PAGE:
Reading Women Challenge 2020

Is anybody else completely confused as to how it is March 2020 already? Where did the time go? I’m sure the last time I checked it was 2015! But, on the plus side, a new year means a new Reading Women Challenge. The prompts were released in December 2019 and I have been participating in the challenge since the beginning of the year, I just haven’t been able to get this blog off the ground before now! One positive side to self-isolating during the Coronavirus pandemic!

Some of the prompts in particular have really caught my attention and my mind has been buzzing with possibilities for each of the different categories. My personal challenge is to try and find books on my (very tall) TBR pile which fulfil some of the challenge prompts. Otherwise I will just end up buying lots of new books and ignoring the poor books which have been sitting on my shelves for ages already.

In case you don’t know about The Reading Women and their yearly challenge, let me catch you up a little bit. Reading Women is a podcast which I have been listening to for a little over a year now. They upload weekly podcasts about our favourite things, books! But more specifically, they focus on books written by women. So, the challenge is to read a book for each prompt, which was written by or about a woman. Here is a link to the challenge website page if you want more information or are interested in joining the challenge yourself:

Below are the Reading Women Challenge prompts for this year and some ideas I have already for the books I’m going to read. I am, of course, open to any suggestions!

  1. Author from Caribbean or India
  2. Translated from an Asian Language
  3. About the Environment

The obvious pick for this category is, I think, No One Is Too Small To Make A Difference, by Greta Thunberg, but I will keep an eye out for anything else which might pop up in the mean time.

  1. Picture Book by a BIPOC Author

I hope I’m not the only one, but I had to Google this: BIPOC stands for Black, Indigenous and People of Colour. After doing a bit of research for this one, I came across Malala Yousafzai’s picture book, Malala’s Magic Pencil. I have read Malala’s memoir I Am Malala, and really enjoyed her style of writing and she is a very inspirational individual, so why not see what her picture book is like?!

  1. Stella or Women’s Prize Winner

An American Marriage, by Tayari Jones; The Erratics, by Vicki Laveau-Harvie; The Forgotten Rebels of Eureka, by Clare Wright

  1.  Nonfiction by a Woman Historian
  2. Afrofuturism or Africanfuturism
  3. An Anthology by Multiple Authors

When I first saw this prompt, my mind went immediately to a collection of essays which has been on my TBR since the Reading Women did a podcast series on books by Muslim women authors last year. So, I think I am going to read Our Women on the Ground: Essays by Arab Women Reporting from the Arab World. An added bonus is that this book would also work for prompt number 13. Another option would be It’s Not About the Burqa, edited by Mariam Khan.

  1. Inspired by Folklore

Last year I read The City of Brass, by S. A. Chakraborty, which was the first book in a trilogy based on Islamic myths and folklore. So, I think I may read the second book, The Kingdom of Copper for this prompt. But, I also picked up The Snow Child, by Eowyn Ivey at a book sale last autumn, so that is also a contender for this prompt.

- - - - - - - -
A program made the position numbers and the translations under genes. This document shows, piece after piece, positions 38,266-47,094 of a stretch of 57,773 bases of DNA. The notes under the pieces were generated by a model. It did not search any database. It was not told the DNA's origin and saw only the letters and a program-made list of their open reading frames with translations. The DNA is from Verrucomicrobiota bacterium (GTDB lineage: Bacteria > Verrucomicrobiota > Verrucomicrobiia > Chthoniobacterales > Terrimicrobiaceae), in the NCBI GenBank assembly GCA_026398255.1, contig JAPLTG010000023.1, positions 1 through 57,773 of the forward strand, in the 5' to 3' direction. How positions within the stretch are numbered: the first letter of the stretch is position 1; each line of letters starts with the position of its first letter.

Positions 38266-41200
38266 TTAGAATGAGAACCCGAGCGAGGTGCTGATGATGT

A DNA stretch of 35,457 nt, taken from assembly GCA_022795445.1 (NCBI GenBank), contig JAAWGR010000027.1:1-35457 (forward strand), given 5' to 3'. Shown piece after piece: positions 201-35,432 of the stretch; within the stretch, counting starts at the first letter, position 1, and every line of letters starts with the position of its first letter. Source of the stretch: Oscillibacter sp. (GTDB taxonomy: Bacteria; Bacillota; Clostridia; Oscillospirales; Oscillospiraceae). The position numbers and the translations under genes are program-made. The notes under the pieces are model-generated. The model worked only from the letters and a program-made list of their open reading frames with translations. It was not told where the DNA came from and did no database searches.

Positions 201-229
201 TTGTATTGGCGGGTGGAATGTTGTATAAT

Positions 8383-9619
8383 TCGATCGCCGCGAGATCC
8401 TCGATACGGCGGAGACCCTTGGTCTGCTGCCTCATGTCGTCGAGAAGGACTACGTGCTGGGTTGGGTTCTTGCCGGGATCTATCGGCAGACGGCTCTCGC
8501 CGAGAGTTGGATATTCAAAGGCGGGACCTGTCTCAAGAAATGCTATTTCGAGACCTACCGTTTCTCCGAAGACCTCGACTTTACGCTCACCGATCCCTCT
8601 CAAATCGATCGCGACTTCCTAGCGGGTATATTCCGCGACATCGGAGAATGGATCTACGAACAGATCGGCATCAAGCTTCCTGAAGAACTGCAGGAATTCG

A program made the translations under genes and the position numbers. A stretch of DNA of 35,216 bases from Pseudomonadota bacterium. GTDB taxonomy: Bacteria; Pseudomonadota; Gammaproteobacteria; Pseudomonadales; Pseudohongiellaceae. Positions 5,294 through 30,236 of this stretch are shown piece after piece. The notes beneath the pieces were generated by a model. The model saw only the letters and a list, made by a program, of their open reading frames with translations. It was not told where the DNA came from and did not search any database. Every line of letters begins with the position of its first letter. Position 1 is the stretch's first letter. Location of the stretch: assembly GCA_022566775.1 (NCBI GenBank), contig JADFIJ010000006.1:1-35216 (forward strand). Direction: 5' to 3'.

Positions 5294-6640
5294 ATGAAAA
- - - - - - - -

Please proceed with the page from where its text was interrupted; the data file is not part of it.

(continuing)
1. About a Woman Artist
  2. Read and Watch a Book-to-Movie Adaptation

I am considering several options for this one: Where’d You Go, Bernadette, by Mariam Semple, which has recently been made into a movie by Richard Linklater, featuring Cate Blanchett; The Handmaid’s Tale, by Margaret Atwood, as television shows are also possible for this category and I have been wanting to read this book and watch the TV show for ages; The Goldfinch, by Donna Tartt, which was made in a movie last year by John Crowley, featuring Nicole Kidman.

  1. About a Woman Who Inspires You

I am planning to borrow from someone else’s bookshelf for this one. Last year I bought my sister Michelle Obama’s memoir Becoming, and I have been wanting to borrow it and read it ever since. So, this is a perfect opportunity!

  1. By an Arab Woman

The Map of Salt and Stars, by Zeyn Joukhadar has been on my Goodreads TBR for a while so this might be a good opportunity to read it.

  1. Set in Japan/by a Japanese Author
  2. A Biography
  3. Featuring a Woman with a Disability

As this includes mental illness as well, I may read Lab Girl, by Hope Jahren, which conveniently is already on my Kindle ready to read.

  1. Over 500 Pages

My brother bought me The Casual Vacancy, by J. K. Rowling about 3 years ago for my birthday and I am ashamed to say I still haven’t read it. It’s a very big hardback book and I just haven’t found the time to sit down in one place for a few days and read it. I’ve been traveling a lot and big hardbacks just don’t make great traveling companions. But, since the book is 503 pages long (I checked), this seems like the perfect time.

  1. Under 100 Pages
  2. Frequently Recommended to You
  3. A Feel Good/Happy Book
  4. A Book about Food
  5. By a Favourite/New-to-You Publisher
  6. By an LGBTQ+ Author
  7. From the 2019 Reading Women Award Shortlists

The nonfiction shortlist includes three books which have been on my Goodreads TBR for some time: The Old Drift, by Namwali Serpell; The Lost Children Archive, by Valeria Luiselli; Cantoras, by Carolina De Robertis.


  1. Book by Toni Morrison
  2. Book by Isabel Allende

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